March 2, 2012

The 2012–13 Budget:
Strategies to Maintain California's Park System

Executive Summary

Currently, the state park system, administered by the Department of Parks and Recreation (DPR), contains 278 parks and serves over 70 million visitors a year. The 2012–13 Governor's Budget includes proposals to address some of the funding challenges currently faced by parks, including the continuation of the plan to close up to 70 state parks by July 2012. However, the Legislature and stakeholders have expressed interest in identifying alternative ways to prevent park closures and, more importantly, help ensure that the park system is adequately maintained and operated in the future.

In this report, we evaluate various options that could be adopted to reduce costs or increase revenue for the state park system, including the inherent trade–offs associated with each option. Based on this analysis, we recommend specific steps to help maintain the park system during these tough fiscal times. In developing these recommendations, we attempt to find a balance between the need to achieve budgetary savings or increase park revenues and the goal of preserving public access to the parks. While we recognize that some parks may need to be closed in the short run, we believe that our recommendations would reduce the number of parks that would need to be closed in the long run. Specifically, we propose the following:

  • Transferring the ownership of some state parks to local governments.
  • Eliminating the use of peace officers for certain park tasks (such as providing information to visitors and leading school groups on park tours).
  • Allowing private companies to operate some state parks.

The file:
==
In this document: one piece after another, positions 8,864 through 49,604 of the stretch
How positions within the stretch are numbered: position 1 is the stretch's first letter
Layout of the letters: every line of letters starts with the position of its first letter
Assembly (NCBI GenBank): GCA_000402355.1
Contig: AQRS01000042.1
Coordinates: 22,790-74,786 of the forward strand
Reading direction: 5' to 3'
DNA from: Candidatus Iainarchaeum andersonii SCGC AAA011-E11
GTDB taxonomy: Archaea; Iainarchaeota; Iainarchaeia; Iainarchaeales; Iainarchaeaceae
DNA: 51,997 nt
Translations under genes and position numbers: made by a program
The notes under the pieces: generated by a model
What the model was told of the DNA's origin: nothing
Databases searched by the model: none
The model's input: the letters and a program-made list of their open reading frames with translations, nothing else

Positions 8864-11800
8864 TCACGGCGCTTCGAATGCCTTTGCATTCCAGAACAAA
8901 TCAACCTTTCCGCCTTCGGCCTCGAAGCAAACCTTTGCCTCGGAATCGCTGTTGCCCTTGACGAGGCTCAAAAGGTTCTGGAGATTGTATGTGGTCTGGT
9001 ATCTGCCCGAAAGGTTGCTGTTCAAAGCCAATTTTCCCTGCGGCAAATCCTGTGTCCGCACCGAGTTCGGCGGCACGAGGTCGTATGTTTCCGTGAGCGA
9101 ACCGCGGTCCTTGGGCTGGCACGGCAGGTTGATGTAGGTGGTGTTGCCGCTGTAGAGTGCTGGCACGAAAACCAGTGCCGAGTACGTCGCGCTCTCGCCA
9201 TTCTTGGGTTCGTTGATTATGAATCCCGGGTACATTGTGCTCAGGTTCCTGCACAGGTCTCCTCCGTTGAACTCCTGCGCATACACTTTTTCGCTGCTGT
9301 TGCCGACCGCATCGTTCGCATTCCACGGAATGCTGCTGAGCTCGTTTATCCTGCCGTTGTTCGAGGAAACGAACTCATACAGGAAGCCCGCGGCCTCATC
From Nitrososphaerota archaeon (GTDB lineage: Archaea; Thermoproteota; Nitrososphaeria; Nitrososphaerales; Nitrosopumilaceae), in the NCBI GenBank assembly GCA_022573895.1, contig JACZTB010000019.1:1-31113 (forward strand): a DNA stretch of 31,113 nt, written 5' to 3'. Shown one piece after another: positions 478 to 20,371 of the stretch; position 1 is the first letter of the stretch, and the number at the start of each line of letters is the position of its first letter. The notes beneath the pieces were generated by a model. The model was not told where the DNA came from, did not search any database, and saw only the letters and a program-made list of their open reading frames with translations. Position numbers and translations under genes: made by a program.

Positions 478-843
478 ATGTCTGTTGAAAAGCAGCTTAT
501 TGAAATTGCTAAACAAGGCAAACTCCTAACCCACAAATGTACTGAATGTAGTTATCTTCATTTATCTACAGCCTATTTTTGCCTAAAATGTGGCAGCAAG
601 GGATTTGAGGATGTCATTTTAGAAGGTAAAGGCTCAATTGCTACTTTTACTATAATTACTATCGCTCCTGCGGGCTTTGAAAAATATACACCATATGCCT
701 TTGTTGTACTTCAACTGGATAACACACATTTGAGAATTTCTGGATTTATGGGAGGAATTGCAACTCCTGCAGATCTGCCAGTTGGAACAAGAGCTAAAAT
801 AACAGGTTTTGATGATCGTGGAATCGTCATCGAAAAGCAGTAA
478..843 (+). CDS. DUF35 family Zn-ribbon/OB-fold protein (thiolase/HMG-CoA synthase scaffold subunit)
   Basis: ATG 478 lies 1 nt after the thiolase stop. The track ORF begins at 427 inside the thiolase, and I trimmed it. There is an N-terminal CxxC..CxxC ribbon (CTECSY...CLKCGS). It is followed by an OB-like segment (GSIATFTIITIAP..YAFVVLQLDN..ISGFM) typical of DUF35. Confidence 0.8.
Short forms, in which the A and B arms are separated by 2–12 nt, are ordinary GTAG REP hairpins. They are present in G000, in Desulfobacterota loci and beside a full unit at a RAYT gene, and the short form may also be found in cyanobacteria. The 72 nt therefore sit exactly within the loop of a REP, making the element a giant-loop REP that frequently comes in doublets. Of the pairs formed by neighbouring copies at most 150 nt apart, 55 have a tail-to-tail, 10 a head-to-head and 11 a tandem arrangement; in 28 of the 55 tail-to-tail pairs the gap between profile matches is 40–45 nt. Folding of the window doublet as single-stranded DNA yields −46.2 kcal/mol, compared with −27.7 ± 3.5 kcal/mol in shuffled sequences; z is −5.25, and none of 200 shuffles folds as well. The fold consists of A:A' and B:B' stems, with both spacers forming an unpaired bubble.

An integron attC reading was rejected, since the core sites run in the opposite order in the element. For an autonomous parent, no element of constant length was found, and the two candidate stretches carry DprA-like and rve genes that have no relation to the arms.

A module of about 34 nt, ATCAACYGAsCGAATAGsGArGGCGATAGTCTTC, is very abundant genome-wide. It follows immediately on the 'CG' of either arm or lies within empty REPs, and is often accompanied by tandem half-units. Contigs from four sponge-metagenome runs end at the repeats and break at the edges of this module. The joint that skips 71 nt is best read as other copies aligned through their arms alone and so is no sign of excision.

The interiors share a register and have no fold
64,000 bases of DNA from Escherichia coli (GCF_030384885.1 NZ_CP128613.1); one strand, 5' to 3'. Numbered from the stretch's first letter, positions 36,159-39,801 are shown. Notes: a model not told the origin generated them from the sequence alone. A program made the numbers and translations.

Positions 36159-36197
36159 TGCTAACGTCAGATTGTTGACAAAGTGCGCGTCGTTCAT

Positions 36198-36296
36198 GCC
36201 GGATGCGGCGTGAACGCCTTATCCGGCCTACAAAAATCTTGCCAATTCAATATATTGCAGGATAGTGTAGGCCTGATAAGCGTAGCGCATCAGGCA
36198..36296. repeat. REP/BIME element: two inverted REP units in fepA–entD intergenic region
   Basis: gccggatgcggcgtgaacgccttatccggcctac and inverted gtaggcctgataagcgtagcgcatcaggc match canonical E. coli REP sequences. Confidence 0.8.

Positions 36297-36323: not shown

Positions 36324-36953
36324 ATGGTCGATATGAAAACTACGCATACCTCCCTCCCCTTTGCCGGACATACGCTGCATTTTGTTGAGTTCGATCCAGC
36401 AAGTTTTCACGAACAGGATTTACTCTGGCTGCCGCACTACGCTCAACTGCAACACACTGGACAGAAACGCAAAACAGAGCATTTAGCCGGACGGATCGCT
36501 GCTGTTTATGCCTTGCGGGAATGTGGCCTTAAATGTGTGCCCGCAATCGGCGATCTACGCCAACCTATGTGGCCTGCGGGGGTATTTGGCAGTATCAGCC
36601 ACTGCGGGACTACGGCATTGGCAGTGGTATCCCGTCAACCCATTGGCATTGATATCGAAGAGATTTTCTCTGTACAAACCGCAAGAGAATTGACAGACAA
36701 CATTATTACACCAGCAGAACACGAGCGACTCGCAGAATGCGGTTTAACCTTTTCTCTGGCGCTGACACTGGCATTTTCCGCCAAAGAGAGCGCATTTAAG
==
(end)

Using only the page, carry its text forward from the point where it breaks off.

• Increasing park user fees and shifting towards entrance fees, rather than parking fees.
  • Incentivizing park districts to more effectively collect park user fees.
  • Expanding the use of concessionaire agreements.


In adopting the 2011–12 budget, the Legislature reduced General Fund support for the state park system by $11 million. The 2012–13 Governor's budget proposes an additional reduction of $11 million in General Fund support, thereby increasing the ongoing reduction to the park system to $22 million. According to DPR, which manages the state park system, it will need to permanently close up to 70 parks by July 2012 in order to achieve the assumed savings. However, the Legislature and stakeholders have expressed interest in identifying alternative ways to prevent park closures and, more importantly, help ensure that the park system is adequately maintained and operated in the future.

In this report, we (1) describe the California park system and its role in providing recreation and cultural and environmental preservation for the state, (2) review park operations and how these operations are funded, (3) evaluate various strategies to reduce costs or increase revenue for the state park system, and (4) recommend actions that could be taken to help maintain the park system.


Overview of the State Park System

California's state park system consists of 278 state parks that totaled more than 1.3 million acres of property in 2009–10. State parks vary widely by type, from state beaches to museums, golf courses, ski runs, historical and memorial sites, forests, grass fields, rivers and lakes, and rare ecological reserves. The size of each of park also varies, ranging from less than one acre to over 585,000 acres. In addition, many parks have their own campsites, water and waste water systems, generators or power supply, visitor information centers, and ranger stations. Figure 1 summarizes the diversity of the state park system.

Figure 1

The State Park System Is Diverse


Miles of coastline


Miles of lake and river frontage


Miles of trails




Recorded historic buildings


Archeological sites


Archaeological specimens


Museum objects